You don't need an attorney to do this. Just show up and tell the sheriff's officer at the judge's courtroom door that you want to dismiss. They'll have you talk to a DV worker and fill out an affidavit, you then appear in front of the judge and affirm that you want it dismissed.
I've seen a VERY few cases where a judge said that in light of the seriousness of the DV (death threats, violence, etc) he wanted the plaintiff to keep the TRO and return, but again - that's rare.
I'm more concerned that you be aware that DV is a cycle and that, absent some fundamental change (including therapy) on how conflicts will be resolved, it tends to escalate each time. I'm not saying you shouldn't drop it, but you're probably in the "honeymoon" stage of the cycle right now, and it's all too easy to just forget about whatever happened rather than proactively working on the situation.
The above is said without seeing your case file and without my understanding the entirety of the facts of your case. Depending on those facts, the above information be may incomplete or may be completely inaccurate. The above is intended as general information only based on what you described and not as legal advice. I advise you to consult with counsel who may be able to provide better information commensurate with a better understanding of your situation.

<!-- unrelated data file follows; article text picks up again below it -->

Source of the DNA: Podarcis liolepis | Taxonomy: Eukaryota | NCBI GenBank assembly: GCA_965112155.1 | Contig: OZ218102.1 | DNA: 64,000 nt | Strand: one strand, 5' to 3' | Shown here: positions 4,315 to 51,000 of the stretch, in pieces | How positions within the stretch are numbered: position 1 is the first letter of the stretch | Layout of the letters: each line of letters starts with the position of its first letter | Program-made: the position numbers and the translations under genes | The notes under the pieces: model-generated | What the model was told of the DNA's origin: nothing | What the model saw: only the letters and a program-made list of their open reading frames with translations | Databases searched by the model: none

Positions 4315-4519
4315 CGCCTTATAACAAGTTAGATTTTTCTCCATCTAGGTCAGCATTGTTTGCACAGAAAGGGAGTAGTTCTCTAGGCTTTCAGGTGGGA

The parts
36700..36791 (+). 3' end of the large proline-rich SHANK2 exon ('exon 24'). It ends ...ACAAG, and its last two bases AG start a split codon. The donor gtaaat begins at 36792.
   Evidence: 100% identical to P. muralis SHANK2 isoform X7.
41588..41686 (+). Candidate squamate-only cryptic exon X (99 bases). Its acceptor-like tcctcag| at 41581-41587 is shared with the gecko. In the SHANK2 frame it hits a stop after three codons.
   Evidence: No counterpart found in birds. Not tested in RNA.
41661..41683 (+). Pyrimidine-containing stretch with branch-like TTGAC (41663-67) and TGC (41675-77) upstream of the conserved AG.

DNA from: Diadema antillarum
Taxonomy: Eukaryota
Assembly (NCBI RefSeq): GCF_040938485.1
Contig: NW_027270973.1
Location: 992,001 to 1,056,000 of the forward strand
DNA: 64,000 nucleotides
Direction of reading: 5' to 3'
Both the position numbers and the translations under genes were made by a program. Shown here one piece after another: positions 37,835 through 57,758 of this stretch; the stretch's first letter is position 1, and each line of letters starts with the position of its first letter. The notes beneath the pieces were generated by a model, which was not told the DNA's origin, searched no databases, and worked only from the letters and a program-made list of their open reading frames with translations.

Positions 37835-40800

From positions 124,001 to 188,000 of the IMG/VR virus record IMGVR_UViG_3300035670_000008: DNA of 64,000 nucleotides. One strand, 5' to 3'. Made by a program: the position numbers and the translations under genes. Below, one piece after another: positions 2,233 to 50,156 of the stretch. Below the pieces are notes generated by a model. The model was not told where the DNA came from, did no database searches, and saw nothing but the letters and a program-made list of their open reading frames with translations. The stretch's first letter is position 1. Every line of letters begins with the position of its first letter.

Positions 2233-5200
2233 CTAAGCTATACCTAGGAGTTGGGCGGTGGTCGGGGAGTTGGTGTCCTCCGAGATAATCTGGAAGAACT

A temporary restraining order will only become a final restraining order after a trial on the merits and you are able to prove that an act of domestic violence has occured. You are permitted to have the restraining order dismissed but you will need to appear before a Judge in the County where the case is venued. The Judge will take testimony from you and question you as the reasons you are seeking to have the temporary restraining order dismissed. If the Judge is satisfied with your reasons and finds that you are not under duress or being coerced into doing this, your dismissal will be granted. I would suggest you seek consultation with an attorney on this issue.
IMPORTANT LEGAL NOTICE: The response to the question posted is not legal advice and it does not create an attorney-client relationship. The response is intended as general information based upon the facts stated in the question, and is provided for educational purposes of the public, not any specific individual. The response given is based upon the limited facts provided by the person asking the question. To the extent additional or different facts exist, the response might possibly change. Responses are based solely upon New Jersey law.
I agree with my colleagues. It isn't very difficult to get it dismissed, but please make sure that this is the best solution under the circumstances.
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